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Annuitants to receive full SBP and DIC benefits

Are you a Survivor Benefit Plan (SBP) annuitant who receives Dependency and Indemnity Compensation (DIC) from the Department of Veterans Affairs and who remarried after age 57? If so, a recent U.S. Court of Appeals decision may benefit you.

On August 26, 2009, the court upheld a decision in the matter of Sharp,
et.al. v. the United States. According to the ruling, DFAS is no longer required to deduct DIC payments from monthly SBP annuities, if a person is entitled to both benefits and has remarried after age 57. The Sharp decision became final on October 19, 2009.

Who is eligible?
SBP annuitants who are also entitled to DIC and who remarried after age 57, if current entitlement to DIC is the result of the remarriage after age 57.

Effective date
The effective date is the date of remarriage, but not earlier than Jan. 1, 2004. Annuitants who remarried after age 57 and before January 1, 2004 may also be entitled, provided the annuitant applied to the VA to restore their DIC before December 16, 2004 and were granted such entitlement.

Timeline
All SBP annuitants who are affected by the ruling are currently being identified.

DFAS will no longer deduct DIC payments from monthly annuities of customers who meet these criteria. These annuitants will receive their full monthly SBP entitlement in addition to the full monthly DIC. The first group of eligible annuitants will have their SBP annuity increased for the February 1, 2010 payment.

Effective with the February 1, 2010 payment annuitants who meet the eligibility criteria under the Sharp litigation will no longer receive the Special Survivor Indemnity Allowance (SSIA).

Retroactive payments
In addition to the increased monthly SBP entitlement, some annuitants may be entitled to an additional retroactive annuity payment depending on the date of remarriage. Retroactive payments will be computed after the increased annuity payments are implemented. To determine who is entitled to retroactive payments, we will have to review each account, which will take several months.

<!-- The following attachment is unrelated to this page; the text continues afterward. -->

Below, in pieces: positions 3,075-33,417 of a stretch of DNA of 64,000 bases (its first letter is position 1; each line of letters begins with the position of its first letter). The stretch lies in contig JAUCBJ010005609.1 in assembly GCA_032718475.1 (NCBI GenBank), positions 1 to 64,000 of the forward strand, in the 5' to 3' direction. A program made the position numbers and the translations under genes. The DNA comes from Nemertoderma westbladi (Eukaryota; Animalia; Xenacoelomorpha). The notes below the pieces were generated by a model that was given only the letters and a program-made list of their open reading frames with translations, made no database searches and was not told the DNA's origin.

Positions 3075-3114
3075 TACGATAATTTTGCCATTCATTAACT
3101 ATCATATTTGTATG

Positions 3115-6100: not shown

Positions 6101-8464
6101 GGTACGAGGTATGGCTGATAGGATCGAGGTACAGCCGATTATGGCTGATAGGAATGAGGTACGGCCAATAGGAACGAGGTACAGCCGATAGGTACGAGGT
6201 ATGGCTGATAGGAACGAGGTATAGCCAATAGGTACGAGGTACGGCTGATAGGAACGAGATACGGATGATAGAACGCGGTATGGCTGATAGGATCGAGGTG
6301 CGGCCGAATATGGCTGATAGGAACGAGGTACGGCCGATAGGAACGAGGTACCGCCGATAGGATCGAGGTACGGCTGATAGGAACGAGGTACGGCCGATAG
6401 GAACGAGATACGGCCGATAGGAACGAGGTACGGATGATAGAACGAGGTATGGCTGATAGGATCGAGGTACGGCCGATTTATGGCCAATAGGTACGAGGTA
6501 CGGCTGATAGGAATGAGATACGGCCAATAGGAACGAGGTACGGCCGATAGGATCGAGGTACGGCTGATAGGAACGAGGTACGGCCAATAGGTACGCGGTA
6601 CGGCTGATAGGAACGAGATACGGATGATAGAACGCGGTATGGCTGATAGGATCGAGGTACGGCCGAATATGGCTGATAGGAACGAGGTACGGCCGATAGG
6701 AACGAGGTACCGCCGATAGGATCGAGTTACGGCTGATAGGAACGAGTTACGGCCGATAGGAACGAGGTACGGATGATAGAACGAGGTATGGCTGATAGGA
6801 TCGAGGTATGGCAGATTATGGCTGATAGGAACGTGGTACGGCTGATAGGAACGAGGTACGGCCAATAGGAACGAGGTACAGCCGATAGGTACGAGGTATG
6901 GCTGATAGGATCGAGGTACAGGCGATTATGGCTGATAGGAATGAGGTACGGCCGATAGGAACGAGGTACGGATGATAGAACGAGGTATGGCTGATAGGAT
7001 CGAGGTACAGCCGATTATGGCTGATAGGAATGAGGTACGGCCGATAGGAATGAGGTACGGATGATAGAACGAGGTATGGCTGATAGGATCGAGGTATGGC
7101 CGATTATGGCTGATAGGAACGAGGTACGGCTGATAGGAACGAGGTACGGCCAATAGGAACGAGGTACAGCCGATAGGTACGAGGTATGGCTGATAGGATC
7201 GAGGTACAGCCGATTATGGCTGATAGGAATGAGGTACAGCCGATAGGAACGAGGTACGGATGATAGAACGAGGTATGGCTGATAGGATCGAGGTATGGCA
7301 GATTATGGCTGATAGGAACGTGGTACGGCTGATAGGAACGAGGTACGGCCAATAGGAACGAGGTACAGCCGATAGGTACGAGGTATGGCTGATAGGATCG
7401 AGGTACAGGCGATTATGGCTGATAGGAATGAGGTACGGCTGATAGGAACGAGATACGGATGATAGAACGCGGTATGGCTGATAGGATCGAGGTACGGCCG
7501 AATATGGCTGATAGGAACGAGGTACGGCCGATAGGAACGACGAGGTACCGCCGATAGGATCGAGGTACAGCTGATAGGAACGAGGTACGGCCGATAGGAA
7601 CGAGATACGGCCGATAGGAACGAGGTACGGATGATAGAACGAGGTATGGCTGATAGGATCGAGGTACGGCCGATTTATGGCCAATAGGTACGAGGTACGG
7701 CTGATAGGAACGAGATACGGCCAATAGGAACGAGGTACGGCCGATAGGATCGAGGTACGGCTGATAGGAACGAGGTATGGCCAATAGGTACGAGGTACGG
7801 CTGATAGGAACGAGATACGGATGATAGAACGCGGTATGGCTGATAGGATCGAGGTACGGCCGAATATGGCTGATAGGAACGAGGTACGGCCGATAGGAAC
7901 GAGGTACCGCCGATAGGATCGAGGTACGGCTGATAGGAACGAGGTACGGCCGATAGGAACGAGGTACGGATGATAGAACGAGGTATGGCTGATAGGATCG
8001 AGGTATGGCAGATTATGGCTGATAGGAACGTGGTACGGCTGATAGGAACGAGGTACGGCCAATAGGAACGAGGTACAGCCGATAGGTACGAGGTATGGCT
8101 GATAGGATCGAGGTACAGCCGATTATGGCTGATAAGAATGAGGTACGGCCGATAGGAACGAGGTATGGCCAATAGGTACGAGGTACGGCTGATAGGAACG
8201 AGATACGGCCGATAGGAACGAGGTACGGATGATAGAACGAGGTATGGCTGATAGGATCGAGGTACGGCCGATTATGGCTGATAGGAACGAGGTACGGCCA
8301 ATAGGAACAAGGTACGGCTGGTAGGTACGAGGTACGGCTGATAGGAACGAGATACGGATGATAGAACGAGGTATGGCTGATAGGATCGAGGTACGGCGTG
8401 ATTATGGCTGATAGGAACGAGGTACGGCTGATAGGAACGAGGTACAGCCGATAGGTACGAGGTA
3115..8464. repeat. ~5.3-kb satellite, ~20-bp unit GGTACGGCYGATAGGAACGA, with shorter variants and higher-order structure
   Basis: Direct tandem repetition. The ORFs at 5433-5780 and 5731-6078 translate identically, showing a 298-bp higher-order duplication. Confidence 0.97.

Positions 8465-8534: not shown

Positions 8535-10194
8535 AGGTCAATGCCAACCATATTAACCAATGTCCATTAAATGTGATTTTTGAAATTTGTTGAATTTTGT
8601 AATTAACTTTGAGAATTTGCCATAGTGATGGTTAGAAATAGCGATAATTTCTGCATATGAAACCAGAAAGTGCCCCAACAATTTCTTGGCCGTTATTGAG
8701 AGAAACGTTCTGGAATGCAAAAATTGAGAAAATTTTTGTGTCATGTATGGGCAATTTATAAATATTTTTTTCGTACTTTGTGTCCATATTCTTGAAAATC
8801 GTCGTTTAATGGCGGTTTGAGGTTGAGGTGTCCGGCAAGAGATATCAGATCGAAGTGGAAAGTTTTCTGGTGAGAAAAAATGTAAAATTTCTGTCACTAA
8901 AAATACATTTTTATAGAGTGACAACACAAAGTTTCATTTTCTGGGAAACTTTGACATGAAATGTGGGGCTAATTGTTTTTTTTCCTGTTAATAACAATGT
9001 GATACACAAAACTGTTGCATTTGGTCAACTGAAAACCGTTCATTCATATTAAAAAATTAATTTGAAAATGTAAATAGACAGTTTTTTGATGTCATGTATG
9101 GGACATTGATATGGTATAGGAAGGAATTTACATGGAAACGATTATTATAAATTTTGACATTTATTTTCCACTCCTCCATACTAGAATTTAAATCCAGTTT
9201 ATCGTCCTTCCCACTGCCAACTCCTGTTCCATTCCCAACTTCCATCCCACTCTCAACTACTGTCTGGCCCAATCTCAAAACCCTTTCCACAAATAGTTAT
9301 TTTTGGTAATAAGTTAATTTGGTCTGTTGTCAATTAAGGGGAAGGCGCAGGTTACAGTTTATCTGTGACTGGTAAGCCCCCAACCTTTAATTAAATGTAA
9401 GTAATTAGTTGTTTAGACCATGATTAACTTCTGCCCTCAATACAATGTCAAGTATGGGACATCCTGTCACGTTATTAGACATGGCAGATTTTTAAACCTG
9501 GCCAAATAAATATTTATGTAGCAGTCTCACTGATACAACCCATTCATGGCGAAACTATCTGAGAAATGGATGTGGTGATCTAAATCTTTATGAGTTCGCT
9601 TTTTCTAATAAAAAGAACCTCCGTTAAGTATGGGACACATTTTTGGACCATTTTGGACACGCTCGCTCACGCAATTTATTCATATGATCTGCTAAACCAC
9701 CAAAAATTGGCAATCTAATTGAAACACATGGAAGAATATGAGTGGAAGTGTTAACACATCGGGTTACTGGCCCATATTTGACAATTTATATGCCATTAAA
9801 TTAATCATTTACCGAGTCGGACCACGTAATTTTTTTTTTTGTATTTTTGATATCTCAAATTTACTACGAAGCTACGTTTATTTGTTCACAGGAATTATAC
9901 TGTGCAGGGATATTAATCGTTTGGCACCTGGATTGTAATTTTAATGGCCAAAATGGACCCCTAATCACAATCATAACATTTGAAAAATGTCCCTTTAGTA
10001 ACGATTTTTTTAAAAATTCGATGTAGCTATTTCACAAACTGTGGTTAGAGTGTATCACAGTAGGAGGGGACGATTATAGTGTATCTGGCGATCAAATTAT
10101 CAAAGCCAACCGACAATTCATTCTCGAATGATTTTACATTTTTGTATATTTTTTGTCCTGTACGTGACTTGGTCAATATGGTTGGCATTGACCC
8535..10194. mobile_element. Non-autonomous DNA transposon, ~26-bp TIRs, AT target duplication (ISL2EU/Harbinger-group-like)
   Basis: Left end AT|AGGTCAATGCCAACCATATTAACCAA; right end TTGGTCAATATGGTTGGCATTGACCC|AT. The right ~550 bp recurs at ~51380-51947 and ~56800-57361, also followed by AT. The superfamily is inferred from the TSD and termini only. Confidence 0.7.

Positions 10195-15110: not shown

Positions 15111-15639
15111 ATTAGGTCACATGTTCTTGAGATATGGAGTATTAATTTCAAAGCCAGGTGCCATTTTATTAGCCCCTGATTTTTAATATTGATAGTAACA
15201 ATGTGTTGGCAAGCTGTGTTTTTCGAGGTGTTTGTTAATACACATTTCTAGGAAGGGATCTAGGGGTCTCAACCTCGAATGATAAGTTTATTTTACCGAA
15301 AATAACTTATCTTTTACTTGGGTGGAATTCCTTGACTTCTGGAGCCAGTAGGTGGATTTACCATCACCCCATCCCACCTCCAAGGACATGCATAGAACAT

Collection of cost refund and SSIA payments
In order to determine whether an annuitant is entitled to a retroactive payment, DFAS must deduct any SBP premium cost refunds issued to an eligible annuitant, but not previously repaid. In addition, any special survivor indemnity allowance (SSIA) payments previously received will reduce the lump sum retroactive annuity payment. If the amount of the retroactive payment is less than the full amount of the cost refund and SSIA payments, the annuitant will be required to repay the balance of the previous cost refund.

DFAS is gathering information to determine which annuitants may be due additional annuity payments. After a thorough review of the accounts, we will notify affected annuitants of the amount of any retroactive SBP annuity payments due or the amount of any prior SBP cost refund that must be repaid. The specific terms for repaying any cost refund debt will be provided at that time. Due to the complexity of the computation and the need to search historical records, retroactive additional annuity payments will not be issued prior to April 1, 2010.

Federal tax implications
A lump sum retroactive payment is taxable when it is issued. Retroactive payments issued in 2010 are considered taxable income for 2010 and will be reported as such to the Internal Revenue Service.

Annuitants may elect not to have income tax withheld from any lump sum retroactive payment by submitting a completed Form W-4P to DFAS. The completed form must specifically state that it is being submitted to apply to any lump sum retroactive annuity payment they are owed because of the Sharp case. If we do not receive a W-4P indicating "no withholding," we will withhold 10 percent of the lump sum payment.

Page updated April 15, 2011